population. Anderson elsewhere in This Is Hope discusses all of this at
length.
Meanwhile wildlife agencies are the chief employers of “carnist”
biologists.
Having identified and rejected this central tenet of carnist
biologists’ belief system, Anderson proceeds to cite in support of
his own views a 1998 American Museum of Natural History survey that
showed “70% of biologists believe we are in the Great Holocene
Extinction.”
If carnist biologists are ideologically blinded to the basic
workings of ecosystems, as Anderson contends and I mostly agree, why
should their faith in the imminence of a Great Holocene Extinction be
accorded any more credence than their faith that it is possible to shoot
our way to ecological health?
Both faiths are based on faulty mathematical models, which
among other deficiencies relabel adaptive species “invasive.”
Anderson uses the term “invasive” 63 times in This Is Hope, but
mostly in a different way from most wildlife managers. To Anderson,
the “invasive” species of most concern appear to be livestock and
crops planted to feed livestock. This can be confusing, since Anderson
does not clearly distinguish his use of “invasive” from conventional
usage.
In the lingo of wildlife management, “invasive” species are
those that thrive without human help. In Anderson’s use, “invasive”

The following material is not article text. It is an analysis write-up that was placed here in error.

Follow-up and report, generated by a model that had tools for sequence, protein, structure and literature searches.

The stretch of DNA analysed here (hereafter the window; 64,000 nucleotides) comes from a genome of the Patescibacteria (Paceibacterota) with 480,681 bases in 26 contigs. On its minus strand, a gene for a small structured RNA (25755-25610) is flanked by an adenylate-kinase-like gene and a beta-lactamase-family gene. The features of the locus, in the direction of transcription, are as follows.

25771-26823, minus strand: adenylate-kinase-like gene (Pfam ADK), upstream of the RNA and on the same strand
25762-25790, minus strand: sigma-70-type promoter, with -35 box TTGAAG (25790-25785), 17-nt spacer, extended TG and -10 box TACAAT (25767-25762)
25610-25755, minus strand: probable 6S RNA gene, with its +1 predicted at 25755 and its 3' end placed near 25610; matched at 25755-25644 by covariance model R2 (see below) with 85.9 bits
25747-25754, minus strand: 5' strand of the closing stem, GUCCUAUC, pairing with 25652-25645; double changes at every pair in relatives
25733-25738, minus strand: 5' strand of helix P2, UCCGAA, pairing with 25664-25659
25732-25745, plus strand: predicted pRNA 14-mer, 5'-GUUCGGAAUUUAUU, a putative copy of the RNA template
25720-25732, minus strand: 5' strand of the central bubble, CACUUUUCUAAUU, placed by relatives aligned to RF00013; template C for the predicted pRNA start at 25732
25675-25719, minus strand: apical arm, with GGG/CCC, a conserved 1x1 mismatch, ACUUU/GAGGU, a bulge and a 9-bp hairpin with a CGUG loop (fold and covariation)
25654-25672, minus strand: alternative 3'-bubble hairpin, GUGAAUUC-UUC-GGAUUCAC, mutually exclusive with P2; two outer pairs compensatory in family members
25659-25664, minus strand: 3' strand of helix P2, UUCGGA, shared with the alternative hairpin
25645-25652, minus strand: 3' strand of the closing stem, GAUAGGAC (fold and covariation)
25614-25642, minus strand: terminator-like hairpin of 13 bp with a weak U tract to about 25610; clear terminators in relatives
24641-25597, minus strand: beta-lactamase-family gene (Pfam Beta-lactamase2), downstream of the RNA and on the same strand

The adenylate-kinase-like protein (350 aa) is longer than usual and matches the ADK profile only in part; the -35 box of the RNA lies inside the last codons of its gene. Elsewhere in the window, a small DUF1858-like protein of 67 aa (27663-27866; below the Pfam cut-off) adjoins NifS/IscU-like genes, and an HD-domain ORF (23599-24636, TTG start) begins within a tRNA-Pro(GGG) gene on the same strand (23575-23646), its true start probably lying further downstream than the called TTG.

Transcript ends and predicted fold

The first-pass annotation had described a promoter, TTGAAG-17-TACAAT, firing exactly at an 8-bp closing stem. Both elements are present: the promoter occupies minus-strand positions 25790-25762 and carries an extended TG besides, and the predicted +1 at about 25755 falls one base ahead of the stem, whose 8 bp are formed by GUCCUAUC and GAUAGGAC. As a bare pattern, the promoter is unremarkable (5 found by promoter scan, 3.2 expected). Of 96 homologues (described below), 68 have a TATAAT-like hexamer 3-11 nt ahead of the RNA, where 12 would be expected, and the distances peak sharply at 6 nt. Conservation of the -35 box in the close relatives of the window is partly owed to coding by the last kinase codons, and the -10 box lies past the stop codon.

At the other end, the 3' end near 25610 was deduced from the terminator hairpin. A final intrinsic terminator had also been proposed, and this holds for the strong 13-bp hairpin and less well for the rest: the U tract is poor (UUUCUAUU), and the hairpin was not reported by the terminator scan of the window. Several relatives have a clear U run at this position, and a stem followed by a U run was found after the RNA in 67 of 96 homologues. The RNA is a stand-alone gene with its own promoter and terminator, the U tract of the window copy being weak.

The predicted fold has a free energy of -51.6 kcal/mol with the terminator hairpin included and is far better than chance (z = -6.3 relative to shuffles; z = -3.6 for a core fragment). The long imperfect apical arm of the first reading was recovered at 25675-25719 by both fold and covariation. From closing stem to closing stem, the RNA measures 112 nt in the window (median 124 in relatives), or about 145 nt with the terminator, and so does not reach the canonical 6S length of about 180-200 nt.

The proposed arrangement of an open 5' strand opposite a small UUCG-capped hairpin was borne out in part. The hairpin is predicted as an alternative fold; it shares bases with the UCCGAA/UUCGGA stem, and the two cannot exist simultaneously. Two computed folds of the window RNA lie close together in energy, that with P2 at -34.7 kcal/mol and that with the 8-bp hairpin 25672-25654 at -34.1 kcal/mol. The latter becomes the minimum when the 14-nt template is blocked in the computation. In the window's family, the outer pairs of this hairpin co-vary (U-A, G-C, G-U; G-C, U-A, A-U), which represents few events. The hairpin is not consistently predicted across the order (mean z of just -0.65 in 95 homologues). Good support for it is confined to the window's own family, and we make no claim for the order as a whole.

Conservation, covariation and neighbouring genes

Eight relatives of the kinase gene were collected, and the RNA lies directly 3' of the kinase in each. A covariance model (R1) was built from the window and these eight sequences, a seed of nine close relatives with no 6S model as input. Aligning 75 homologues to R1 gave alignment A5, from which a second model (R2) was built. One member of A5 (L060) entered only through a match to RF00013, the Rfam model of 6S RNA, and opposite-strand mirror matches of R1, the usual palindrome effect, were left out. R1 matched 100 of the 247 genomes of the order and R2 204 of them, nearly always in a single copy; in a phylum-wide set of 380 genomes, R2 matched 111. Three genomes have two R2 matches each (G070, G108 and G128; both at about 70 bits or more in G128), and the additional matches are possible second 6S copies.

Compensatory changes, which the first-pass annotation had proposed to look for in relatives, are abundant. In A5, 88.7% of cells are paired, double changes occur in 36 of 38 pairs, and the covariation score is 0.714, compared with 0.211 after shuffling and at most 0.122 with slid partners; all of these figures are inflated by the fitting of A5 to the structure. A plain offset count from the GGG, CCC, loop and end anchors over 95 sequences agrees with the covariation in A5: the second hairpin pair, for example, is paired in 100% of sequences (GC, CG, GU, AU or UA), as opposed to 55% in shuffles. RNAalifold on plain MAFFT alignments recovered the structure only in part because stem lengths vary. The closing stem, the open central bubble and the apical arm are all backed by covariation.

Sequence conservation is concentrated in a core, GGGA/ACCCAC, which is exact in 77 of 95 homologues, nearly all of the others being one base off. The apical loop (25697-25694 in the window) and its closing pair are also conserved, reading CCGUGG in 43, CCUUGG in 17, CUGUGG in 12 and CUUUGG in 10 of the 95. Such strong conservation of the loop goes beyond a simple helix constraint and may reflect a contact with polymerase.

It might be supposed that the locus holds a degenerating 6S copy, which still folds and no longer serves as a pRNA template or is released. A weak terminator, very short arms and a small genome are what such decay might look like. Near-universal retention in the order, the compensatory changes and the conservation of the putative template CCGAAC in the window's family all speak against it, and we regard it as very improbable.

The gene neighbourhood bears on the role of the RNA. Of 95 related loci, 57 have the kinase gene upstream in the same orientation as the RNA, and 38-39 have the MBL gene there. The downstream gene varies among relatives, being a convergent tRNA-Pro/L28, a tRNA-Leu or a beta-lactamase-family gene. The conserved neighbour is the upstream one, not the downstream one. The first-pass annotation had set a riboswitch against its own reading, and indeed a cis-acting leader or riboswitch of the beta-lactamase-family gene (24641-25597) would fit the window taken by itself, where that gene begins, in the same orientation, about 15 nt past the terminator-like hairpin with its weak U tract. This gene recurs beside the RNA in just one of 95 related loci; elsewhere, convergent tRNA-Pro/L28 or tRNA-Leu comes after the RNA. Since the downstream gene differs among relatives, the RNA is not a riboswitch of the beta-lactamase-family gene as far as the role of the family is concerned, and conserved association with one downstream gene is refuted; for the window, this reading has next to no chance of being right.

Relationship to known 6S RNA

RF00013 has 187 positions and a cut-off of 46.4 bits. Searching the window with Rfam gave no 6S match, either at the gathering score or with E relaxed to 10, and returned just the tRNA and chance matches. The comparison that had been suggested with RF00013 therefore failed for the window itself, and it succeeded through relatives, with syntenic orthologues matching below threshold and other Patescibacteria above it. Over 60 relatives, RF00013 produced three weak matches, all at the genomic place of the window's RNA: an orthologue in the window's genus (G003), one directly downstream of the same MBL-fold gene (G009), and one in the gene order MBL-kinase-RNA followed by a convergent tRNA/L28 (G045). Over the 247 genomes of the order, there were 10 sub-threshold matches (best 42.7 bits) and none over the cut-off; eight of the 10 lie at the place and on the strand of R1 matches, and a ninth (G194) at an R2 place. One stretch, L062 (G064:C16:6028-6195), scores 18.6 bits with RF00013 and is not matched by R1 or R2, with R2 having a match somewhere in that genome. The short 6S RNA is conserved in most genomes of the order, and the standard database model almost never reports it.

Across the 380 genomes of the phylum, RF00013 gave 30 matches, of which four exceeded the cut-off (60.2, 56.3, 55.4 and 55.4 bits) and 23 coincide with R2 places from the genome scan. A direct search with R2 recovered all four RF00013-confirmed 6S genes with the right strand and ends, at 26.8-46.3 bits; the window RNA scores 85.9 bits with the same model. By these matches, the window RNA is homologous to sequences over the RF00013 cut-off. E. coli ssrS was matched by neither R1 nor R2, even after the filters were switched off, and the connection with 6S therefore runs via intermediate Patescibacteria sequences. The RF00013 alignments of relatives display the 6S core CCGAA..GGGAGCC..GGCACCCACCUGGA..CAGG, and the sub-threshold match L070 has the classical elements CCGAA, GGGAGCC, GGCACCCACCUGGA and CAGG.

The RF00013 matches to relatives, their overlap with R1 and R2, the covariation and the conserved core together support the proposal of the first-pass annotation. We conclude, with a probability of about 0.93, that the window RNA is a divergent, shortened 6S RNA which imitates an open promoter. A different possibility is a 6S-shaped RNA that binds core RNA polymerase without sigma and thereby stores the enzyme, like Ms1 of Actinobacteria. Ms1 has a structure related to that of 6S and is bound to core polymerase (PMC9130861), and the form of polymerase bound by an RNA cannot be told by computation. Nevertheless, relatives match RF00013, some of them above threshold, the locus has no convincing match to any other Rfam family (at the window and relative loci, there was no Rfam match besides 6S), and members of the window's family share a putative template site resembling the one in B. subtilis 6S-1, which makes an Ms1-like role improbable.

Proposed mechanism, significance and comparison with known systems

species are often those who need the most human intervention to
survive.

Deep Ecology

Bohanec, a former campaign director for In Defense of Animals,
in The Ultimate Betrayal reflects mostly the values and philosophy of
the animal rights movement––which has, to be sure, long been
influenced by Deep Ecology.
Anderson, though long involved in animal rights issues,
appears to have been most influenced by Deep Ecology, and acknowledges
the contributions of leading Deep Ecologists to his thinking.
Central to the notion of Deep Ecology is the idea that humans
are the ultimate invasive species, whose presence invariably corrupts
ecological processes. Though presenting itself as science-based, Deep
Ecology has in common with creationism that it supposes technologically
capable humans somehow came to exist independent of normal evolution,
and did not co-evolve with the whole suite of species sharing our world
in an intertwined and inseparable manner.
We are, in short, guilty of Original Sin just by existing.
Planet Earth, Deep Ecologists tend to believe, would be healthier
without us.
This sounds more like a set of medieval theological constructs